But the pitch meeting in "I Luh Ya Papi" adds a new angle to the perennial conversation. Objectification is so normalized that it becomes the standard—even when a man isn’t the designated center of attention. They’re producing a Jennifer Lopez music video for a song off her tenth album, not casting some unknown girl to be an extra in another rapper’s video. And yet, Lopez’s options are pretty much the same: a water park (so she can be wet and in a bathing suit), somewhere with puppies (because if she can’t be sexy, she has to be cute), or a zoo… so she can, uh, seem exotic? So she can be tamed? Perhaps Danny just thinks J.Lo looks good in animal prints. (And she does!) But perhaps that’s just all Danny and real-life record executives know.
Ashley: I think it makes a great point about how often women are literally decorations in music videos—props, even, or scenery, rather than characters. There’s that wonderful shot where there are two gorgeous guys sunning themselves on beach chairs on either side of Lopez, and I found myself gawking at them and wondering what they were there for: Like, “Are they… gonna do something? Are they seriously just lying there?”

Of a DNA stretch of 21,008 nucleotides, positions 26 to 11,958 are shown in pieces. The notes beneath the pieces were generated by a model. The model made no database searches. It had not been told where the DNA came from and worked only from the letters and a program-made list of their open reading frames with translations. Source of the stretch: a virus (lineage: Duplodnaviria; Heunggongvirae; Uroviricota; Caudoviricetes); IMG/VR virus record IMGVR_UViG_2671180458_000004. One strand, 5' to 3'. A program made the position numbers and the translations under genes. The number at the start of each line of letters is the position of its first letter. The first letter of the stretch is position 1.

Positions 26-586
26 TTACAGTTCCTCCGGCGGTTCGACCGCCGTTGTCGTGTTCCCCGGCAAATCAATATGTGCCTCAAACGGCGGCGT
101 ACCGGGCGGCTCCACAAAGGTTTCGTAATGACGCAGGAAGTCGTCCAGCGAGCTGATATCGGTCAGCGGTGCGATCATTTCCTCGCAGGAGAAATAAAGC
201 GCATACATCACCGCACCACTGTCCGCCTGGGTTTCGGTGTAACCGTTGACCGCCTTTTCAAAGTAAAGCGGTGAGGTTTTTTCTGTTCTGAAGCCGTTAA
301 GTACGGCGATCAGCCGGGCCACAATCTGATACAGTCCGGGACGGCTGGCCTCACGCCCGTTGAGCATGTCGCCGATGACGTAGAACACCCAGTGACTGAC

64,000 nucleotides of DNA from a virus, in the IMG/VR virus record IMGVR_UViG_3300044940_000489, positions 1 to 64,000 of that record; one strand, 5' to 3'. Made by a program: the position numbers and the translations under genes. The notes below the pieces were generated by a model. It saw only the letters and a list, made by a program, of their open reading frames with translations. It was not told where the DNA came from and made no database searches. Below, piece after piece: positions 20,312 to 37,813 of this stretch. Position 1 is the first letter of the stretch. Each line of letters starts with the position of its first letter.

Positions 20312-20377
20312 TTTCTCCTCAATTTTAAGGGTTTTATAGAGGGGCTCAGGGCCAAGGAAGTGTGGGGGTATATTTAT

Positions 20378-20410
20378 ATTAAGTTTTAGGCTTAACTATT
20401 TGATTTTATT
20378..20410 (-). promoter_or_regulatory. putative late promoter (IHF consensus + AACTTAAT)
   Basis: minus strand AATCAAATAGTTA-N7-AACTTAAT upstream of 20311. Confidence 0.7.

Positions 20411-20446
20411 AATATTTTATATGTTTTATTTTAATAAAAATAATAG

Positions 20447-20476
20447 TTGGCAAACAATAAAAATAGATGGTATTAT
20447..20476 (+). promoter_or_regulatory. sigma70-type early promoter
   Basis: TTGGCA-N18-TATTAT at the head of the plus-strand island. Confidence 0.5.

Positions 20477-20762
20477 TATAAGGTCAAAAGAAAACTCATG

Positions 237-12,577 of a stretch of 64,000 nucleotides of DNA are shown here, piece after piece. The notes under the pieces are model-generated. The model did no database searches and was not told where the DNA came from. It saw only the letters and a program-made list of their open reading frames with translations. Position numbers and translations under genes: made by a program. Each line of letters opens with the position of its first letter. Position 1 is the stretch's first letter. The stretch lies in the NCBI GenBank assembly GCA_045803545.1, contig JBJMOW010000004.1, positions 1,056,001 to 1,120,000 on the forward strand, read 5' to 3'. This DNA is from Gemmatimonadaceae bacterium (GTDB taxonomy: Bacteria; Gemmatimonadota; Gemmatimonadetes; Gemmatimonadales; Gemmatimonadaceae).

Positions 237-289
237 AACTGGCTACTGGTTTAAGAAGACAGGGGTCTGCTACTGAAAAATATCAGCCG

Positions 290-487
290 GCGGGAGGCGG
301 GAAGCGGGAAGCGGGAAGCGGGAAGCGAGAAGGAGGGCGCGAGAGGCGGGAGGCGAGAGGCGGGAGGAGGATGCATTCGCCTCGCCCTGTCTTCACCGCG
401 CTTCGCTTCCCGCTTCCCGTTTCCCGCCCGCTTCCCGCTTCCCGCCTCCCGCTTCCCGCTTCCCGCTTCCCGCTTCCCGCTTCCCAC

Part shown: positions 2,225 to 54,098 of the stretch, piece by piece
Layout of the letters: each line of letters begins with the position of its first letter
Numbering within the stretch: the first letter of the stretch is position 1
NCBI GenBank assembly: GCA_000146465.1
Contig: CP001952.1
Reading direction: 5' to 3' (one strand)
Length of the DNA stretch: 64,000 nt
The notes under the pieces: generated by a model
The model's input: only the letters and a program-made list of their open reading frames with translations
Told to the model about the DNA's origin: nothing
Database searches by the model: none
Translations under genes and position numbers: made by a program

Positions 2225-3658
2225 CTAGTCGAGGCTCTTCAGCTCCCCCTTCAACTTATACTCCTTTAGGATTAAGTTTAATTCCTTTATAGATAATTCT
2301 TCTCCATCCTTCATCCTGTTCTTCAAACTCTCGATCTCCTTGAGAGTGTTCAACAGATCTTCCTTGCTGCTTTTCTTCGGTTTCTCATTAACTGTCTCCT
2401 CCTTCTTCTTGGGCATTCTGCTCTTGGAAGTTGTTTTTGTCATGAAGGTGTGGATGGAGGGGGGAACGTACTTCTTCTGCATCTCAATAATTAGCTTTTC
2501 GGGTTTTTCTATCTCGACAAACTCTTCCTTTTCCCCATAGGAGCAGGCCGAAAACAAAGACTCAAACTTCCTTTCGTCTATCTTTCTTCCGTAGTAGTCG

But then I realized: When I see a girl in a bikini just lounging around in the background of a music video, I barely think twice about it.
Nolan: Don’t forget the car washing. Have we ever seen a music video in which men strip down and get sudsy that wasn’t meant to be a total joke?
Ashley: I thought that was especially smart, given how common that trope is when it’s women.
Nolan: The video manages to point out how surprising and weird it is to see men doing absolutely nothing in barely any clothing without ridiculing men or women themselves, which is actually harder than it sounds. I’ve talked about this before, but one of the most famous “Blurred Lines” parodies from last summer pointed out that reversing the gender roles of music videos is often disservice to everyone involved.